The question people commonly want answered consists of four words:
“Is my anxiety sin?”
I want to give you a definitive answer right now. You ready?
You see, as a counselor, I want to be sensitive as to what is motivating that question the first place.
Frequently, this question is birthed in the midst of a difficult situation where the person is feeling overwhelmed and has a sense of urgency to understand what they may be doing to contribute to the situation, which is a good desire. But a key thing to remember is this:
“While we want answers quickly, quick answers are rarely the best answers nor the most helpful in the long run.”
Take Susan who goes the doctor because she’s struggling with her weight and she asks the doctor the question, “am I overweight because I eat too much?” The obvious response is to say “yes,” but if that is all a doctor says, it could lead to an unhelpful conclusion that she just needs to change her diet and exercise more.
There could be complicating factors. For example, Hypothyroidism where the hormones are not working the way that they should. The hormones slow down the metabolism and, therefore, the weight increases. It also could be Cushing Syndrome. This condition results when the adrenal glands are not working properly and there’s too much cortisol being produced. You see, if Susan just focuses on diet and exercise, it will not render the desired results.
So while we love to simplify, categorize, and solve struggles quickly, we must avoid understating or overstating an issue as best we can. Like Einstein said:
“Everything should be made as simple as possible not simpler.”
You see, we don’t want to flatten an issue for our own convenience or comfort, but we want to work hard to give a biblically thoughtful and helpful response.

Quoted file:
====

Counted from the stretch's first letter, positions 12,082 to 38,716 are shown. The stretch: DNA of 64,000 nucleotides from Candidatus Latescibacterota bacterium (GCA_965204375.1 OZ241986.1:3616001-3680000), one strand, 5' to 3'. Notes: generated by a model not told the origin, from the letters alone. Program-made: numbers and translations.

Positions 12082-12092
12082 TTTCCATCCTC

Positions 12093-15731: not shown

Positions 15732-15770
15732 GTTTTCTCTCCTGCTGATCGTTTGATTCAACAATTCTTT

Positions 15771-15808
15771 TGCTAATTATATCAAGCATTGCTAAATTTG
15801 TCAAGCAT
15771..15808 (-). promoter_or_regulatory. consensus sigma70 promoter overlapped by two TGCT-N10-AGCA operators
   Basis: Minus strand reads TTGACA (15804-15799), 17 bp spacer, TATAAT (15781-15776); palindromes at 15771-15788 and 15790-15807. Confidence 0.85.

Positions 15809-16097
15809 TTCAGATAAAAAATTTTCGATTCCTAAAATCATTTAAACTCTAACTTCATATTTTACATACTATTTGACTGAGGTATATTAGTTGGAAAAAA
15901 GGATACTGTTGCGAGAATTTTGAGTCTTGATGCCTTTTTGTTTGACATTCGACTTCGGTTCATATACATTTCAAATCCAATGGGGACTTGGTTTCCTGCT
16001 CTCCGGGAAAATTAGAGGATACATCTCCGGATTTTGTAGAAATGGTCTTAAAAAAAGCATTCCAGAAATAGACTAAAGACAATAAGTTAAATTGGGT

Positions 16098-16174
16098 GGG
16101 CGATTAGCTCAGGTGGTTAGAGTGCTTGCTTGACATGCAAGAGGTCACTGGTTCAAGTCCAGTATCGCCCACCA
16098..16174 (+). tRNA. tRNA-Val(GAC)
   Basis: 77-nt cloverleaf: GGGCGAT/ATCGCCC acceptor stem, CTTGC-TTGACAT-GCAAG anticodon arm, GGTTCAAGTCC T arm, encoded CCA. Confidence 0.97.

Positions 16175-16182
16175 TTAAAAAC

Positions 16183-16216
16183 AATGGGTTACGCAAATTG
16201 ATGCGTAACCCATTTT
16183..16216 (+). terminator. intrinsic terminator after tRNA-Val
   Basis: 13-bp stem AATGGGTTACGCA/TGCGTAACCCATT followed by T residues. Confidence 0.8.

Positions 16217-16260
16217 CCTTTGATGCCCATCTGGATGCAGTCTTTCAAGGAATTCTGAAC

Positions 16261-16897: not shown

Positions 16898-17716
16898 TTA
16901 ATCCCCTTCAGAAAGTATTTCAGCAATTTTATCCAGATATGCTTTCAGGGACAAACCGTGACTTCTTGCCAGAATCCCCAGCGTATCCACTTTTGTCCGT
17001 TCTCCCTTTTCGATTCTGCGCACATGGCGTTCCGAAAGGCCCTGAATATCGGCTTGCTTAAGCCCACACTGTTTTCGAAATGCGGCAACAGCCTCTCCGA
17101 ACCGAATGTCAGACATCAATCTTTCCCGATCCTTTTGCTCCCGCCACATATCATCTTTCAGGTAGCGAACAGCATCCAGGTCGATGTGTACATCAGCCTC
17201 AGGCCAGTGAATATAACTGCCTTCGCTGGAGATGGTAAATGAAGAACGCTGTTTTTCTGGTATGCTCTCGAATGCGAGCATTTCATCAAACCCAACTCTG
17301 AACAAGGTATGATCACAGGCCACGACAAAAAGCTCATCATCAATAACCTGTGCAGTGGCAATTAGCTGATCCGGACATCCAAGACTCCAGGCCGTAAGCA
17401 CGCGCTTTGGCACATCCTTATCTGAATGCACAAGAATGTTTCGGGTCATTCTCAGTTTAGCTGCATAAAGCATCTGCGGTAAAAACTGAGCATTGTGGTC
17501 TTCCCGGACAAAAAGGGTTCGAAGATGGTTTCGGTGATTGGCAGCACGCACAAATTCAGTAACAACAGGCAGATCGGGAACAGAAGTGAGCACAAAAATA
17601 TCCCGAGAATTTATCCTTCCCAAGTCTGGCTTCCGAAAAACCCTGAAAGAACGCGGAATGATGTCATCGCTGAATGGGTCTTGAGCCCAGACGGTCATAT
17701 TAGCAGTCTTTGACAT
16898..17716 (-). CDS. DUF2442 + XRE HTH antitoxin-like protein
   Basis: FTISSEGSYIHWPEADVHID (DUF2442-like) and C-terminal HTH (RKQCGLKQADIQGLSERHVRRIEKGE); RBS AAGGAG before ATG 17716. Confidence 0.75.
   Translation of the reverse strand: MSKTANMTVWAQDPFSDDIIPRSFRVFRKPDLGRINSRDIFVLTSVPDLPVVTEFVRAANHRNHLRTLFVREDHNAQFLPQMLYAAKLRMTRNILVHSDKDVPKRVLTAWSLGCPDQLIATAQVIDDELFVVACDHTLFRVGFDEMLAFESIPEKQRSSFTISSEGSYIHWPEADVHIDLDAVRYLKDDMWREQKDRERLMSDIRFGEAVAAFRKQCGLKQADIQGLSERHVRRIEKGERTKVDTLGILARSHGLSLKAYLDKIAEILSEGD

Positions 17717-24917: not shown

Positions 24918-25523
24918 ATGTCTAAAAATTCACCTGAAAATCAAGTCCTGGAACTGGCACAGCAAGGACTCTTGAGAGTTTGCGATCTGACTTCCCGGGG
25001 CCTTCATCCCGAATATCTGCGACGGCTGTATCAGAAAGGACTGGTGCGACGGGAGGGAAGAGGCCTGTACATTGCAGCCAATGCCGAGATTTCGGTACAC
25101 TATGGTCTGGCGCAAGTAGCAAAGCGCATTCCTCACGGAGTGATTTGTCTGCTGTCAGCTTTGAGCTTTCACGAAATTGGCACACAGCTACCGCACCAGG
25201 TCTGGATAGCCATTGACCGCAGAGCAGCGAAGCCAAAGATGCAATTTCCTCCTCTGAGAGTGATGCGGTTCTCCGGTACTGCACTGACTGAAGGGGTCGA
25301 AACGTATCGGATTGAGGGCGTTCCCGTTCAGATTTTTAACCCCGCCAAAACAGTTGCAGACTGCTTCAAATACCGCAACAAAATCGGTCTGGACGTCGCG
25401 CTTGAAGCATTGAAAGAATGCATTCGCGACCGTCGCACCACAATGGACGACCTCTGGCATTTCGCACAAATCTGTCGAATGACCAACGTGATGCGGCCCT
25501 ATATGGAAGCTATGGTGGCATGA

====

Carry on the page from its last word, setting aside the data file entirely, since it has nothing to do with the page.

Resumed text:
So, back to the original question, “is my anxiety sin?”
Let’s re-frame the question in the following way:
Is my anxiety and a fact of living in a world corrupted by sin? Then the answer is definitely, “yes.”
“For we know that the whole creation has been growing together in the pains of childbirth until now.” – Romans 8:22
So, by re-framing the question, we broaden the context and provide opportunities to go deeper into the nuances of what sparked the question in the first place. And, as I mentioned in the previous video, we want to avoid being reductionistic in our approach.
We can minimize the chance of that by considering three things.
The theological underpinnings:
What truths has God already provided that I need to understand and embrace?
The spiritual implications:
What’s happening in my mind and soul and why?
The physiological effects:
What’s happening in my brain and body and why?
So, while it is possible that a person’s anxiety is sin, it’s also probable that it’s not that cut and dry. Either way, we all need to cultivate Anxiety Resilience: the ability to engage daily life holistically despite adverse circumstances and emotions.
So what do we need to look at to get to the heart understanding anxiety and start to cultivate this? We need to take a step back and look at the larger category of fear and its origins, which we will do in the next video.